“Meshal HaQadmoni, Fables From the Distant Past” – Isaac Ibn Sahula- translated by Dr Raphael Loewe, Oxford Press. Makor Rishon (Dec. 30) notes “The work is a presentation of the world of Sephardic Jewry in thirteenth century Spain and a work of art making this world more accessible to wider audiences.” It is two volumes of fables with parallel English and Hebrew text. The volumes “comprise moral debates rich in contemporary satire,” and also come with “full explanatory notes, scholarly apparatus and complete sets of illustrations from the Rothschild manuscript and the 1547 Venice edition.”


Under the heading “In bed with Yeshu,” Nazareth Arab-born Noel Jabbour’s photo exhibition is reviewed in Yediot Ahronot (Jan. 6). Jabbour “who poses as Mary Magdalene is naked in six of the seven photos, with only her long hair covering herself up.” Israeli art critique Ruti Direktor says, “The exhibition is thrilling, romantic and mystical.”


“Targum HaShivim Le Sefer BeReshit” – (The Septuagint for the book of Genesis), Bar Ilan University Press. A first-ever back translation into Hebrew from the Greek Septuagint of the Book of Genesis is reviewed in HaAretz (Jan. 4). Lecturer for Biblical Studies in Bar Ilan University, Michael AviOz says, “The author hopes that through his research he will be able to determine and understand differences between the Septuagint and the Masoretic text.” Although Genesis 22:13 is marked out as differing in the texts, “the most detailed discussions in the book deal with differences in genealogy and chronology.” HaAretz concludes “the book will be very useful for people involved in textual research and for anyone interested in the translations but with no knowledge of Greek.”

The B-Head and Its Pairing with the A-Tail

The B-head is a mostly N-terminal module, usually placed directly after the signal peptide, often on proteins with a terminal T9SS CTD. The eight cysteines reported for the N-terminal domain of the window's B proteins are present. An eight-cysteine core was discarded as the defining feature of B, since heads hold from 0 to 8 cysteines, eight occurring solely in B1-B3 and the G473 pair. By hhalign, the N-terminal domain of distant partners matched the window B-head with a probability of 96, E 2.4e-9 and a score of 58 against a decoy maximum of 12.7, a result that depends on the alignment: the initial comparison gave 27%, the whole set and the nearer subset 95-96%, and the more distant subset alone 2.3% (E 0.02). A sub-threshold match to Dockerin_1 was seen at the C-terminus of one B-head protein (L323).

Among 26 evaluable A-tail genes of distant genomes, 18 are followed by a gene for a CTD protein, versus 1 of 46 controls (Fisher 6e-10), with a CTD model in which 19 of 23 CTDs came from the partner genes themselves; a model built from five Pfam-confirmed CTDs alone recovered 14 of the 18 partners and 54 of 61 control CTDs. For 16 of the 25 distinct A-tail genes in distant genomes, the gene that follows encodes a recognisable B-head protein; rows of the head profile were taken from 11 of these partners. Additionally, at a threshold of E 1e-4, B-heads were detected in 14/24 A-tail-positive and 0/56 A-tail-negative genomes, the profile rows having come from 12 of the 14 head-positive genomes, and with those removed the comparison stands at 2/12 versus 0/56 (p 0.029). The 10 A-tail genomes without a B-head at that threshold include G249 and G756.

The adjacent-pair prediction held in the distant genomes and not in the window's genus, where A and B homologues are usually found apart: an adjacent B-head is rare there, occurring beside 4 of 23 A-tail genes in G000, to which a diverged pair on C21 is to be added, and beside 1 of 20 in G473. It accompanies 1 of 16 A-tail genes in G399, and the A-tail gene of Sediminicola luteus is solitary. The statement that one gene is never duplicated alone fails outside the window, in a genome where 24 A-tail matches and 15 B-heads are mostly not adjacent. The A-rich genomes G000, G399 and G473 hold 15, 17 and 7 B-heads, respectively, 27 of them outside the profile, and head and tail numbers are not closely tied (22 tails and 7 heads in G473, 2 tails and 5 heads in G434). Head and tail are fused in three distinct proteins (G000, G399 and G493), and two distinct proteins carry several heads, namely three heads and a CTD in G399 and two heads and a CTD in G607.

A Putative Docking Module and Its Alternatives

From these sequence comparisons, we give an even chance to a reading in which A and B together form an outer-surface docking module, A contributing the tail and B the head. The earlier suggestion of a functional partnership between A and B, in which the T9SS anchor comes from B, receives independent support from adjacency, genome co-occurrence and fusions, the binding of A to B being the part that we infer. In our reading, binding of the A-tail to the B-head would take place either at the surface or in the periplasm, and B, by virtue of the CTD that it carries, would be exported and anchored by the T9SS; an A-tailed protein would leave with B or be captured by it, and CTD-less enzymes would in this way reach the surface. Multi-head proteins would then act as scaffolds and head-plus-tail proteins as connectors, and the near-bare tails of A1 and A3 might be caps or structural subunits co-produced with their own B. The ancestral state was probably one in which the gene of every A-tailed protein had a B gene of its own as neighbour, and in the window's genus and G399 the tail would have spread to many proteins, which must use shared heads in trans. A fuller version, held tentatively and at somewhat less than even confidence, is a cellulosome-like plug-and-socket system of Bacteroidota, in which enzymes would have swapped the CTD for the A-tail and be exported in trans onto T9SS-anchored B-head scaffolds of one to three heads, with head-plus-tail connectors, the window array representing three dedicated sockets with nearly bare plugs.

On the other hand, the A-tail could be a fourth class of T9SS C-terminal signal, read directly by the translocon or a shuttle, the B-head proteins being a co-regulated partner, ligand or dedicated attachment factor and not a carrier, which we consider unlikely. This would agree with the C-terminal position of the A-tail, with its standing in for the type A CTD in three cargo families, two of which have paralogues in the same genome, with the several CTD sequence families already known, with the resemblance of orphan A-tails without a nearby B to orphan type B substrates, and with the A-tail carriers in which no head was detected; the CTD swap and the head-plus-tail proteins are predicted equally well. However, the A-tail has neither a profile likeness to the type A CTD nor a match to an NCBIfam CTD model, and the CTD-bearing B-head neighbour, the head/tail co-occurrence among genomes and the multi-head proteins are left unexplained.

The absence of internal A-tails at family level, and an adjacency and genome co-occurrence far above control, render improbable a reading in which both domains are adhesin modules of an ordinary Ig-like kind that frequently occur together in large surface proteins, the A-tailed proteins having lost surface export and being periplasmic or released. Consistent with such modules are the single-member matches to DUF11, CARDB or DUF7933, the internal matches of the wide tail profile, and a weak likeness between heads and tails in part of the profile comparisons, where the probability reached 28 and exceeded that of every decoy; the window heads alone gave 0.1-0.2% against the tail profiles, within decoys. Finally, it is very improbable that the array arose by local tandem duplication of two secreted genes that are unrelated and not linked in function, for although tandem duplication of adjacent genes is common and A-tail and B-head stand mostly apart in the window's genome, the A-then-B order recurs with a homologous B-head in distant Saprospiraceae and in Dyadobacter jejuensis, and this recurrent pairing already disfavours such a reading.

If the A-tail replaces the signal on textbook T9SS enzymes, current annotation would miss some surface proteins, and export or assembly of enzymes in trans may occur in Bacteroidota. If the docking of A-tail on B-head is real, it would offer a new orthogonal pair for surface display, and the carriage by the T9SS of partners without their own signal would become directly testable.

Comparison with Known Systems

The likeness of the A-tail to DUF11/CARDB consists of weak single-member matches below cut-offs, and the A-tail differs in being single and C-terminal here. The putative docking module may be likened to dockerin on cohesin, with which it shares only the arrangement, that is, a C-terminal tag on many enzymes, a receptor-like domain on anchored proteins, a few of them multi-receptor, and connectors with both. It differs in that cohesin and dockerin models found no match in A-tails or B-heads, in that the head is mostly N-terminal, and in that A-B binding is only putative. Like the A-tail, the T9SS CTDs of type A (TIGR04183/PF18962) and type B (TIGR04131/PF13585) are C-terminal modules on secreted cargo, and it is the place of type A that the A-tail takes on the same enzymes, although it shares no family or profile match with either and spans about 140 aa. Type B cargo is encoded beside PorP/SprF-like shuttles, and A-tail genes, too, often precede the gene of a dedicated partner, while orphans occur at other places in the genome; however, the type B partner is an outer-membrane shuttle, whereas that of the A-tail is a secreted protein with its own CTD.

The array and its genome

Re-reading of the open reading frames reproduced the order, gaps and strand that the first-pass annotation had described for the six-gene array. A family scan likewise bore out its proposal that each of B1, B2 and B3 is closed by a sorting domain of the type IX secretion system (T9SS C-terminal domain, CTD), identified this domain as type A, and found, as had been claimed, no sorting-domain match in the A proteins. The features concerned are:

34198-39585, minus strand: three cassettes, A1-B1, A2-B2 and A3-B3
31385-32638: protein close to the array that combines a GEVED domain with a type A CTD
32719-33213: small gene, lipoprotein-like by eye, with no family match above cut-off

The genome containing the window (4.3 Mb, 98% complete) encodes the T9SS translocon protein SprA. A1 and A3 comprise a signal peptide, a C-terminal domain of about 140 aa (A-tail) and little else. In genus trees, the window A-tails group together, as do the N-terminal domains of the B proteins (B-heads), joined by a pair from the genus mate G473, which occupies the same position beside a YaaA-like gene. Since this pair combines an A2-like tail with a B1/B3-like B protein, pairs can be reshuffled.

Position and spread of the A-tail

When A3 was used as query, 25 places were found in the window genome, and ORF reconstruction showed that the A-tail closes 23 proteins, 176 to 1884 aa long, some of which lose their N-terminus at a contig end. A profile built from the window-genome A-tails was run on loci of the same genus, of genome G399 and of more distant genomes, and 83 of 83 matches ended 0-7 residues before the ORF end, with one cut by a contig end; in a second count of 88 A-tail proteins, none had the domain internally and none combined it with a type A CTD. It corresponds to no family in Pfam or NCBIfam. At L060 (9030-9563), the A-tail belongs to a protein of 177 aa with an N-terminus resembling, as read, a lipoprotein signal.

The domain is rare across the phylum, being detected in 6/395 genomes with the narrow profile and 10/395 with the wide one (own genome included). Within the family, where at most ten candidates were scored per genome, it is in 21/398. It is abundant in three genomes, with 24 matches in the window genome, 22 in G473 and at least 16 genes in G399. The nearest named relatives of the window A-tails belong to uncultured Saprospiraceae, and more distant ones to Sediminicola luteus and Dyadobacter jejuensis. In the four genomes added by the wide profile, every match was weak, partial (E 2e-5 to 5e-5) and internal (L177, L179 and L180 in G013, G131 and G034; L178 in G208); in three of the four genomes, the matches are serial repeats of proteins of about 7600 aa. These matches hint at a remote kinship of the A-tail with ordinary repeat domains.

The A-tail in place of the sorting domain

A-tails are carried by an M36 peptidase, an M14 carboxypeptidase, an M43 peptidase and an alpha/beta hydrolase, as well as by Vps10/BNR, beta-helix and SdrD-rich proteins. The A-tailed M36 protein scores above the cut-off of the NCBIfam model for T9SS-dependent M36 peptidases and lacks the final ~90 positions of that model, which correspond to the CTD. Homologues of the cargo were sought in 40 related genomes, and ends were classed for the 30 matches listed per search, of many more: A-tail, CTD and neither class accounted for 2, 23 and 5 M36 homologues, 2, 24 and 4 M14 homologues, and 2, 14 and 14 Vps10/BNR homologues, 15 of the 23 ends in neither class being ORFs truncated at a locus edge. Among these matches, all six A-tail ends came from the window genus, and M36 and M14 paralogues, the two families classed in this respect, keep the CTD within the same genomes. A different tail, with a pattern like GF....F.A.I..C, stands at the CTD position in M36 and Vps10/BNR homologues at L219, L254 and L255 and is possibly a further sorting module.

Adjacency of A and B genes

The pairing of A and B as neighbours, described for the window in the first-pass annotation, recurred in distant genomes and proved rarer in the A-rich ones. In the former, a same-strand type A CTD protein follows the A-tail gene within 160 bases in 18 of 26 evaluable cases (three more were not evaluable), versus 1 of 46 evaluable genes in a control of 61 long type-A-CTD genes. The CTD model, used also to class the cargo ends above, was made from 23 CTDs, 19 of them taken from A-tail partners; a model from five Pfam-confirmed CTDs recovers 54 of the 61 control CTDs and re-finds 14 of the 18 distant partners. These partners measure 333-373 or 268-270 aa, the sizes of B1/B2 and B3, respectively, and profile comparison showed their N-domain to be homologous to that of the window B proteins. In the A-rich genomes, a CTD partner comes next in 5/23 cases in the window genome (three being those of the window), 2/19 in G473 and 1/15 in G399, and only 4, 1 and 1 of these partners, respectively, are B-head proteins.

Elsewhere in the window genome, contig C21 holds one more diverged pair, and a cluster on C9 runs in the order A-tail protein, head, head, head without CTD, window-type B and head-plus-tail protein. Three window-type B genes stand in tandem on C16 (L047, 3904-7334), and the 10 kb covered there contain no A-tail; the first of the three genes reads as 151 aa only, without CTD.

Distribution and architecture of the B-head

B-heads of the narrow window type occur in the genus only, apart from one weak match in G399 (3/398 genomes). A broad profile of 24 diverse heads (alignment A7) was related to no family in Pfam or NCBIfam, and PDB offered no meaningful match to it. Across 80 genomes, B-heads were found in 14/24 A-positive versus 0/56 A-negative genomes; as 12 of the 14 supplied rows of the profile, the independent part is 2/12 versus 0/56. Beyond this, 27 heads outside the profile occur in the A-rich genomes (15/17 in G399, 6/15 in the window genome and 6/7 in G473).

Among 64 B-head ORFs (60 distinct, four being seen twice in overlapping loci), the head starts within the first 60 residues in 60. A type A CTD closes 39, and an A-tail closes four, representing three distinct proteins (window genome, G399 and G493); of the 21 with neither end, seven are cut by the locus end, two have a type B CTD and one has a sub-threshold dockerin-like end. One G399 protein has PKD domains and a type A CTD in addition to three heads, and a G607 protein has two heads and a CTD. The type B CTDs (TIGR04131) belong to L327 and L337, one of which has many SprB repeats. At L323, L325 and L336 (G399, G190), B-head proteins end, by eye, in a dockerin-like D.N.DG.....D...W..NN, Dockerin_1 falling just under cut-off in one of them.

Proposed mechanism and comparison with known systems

Different Matters of Jewish or Christian Interest

HaAretz Jan. 8, 2006; Yediot Ahronot Jan. 6, 8, 2006


Both HaAretz (Jan. 6) and Yediot Ahronot (Jan. 8) reflected on some reactions from the Christian community concerning the deteriorating health of Israeli Prime Minister Ariel Sharon. Yediot Ahronot reports, “The Vatican’s Foreign Minister, Monsignor Giovanni, wishes to express solidarity with the State of Israel and her people in the light of the condition of Ariel Sharon.” Monsignor Giovanni described Prime Minister Sharon as “a central figure in the peace process.” The paper says, “Pope Benedict XVI and other priests are praying for Sharon.” The Jan. 8 edition of HaAretz reports, “Christian TV preacher and American Evangelical Pat Robertson says, “Sharon’s stroke happened because of divine intervention following the disengagement from Gaza.” Daniel Aylon, the Israeli ambassador in Washington is reported to “compare Robertson’s words with the outrageous outbursts of the Iranian president” calling them “shocking.” HaAretz concludes by quoting Aylon; “Robertson is a dear friend of Israel and Sharon, so therefore I am very surprised (by his remarks.)”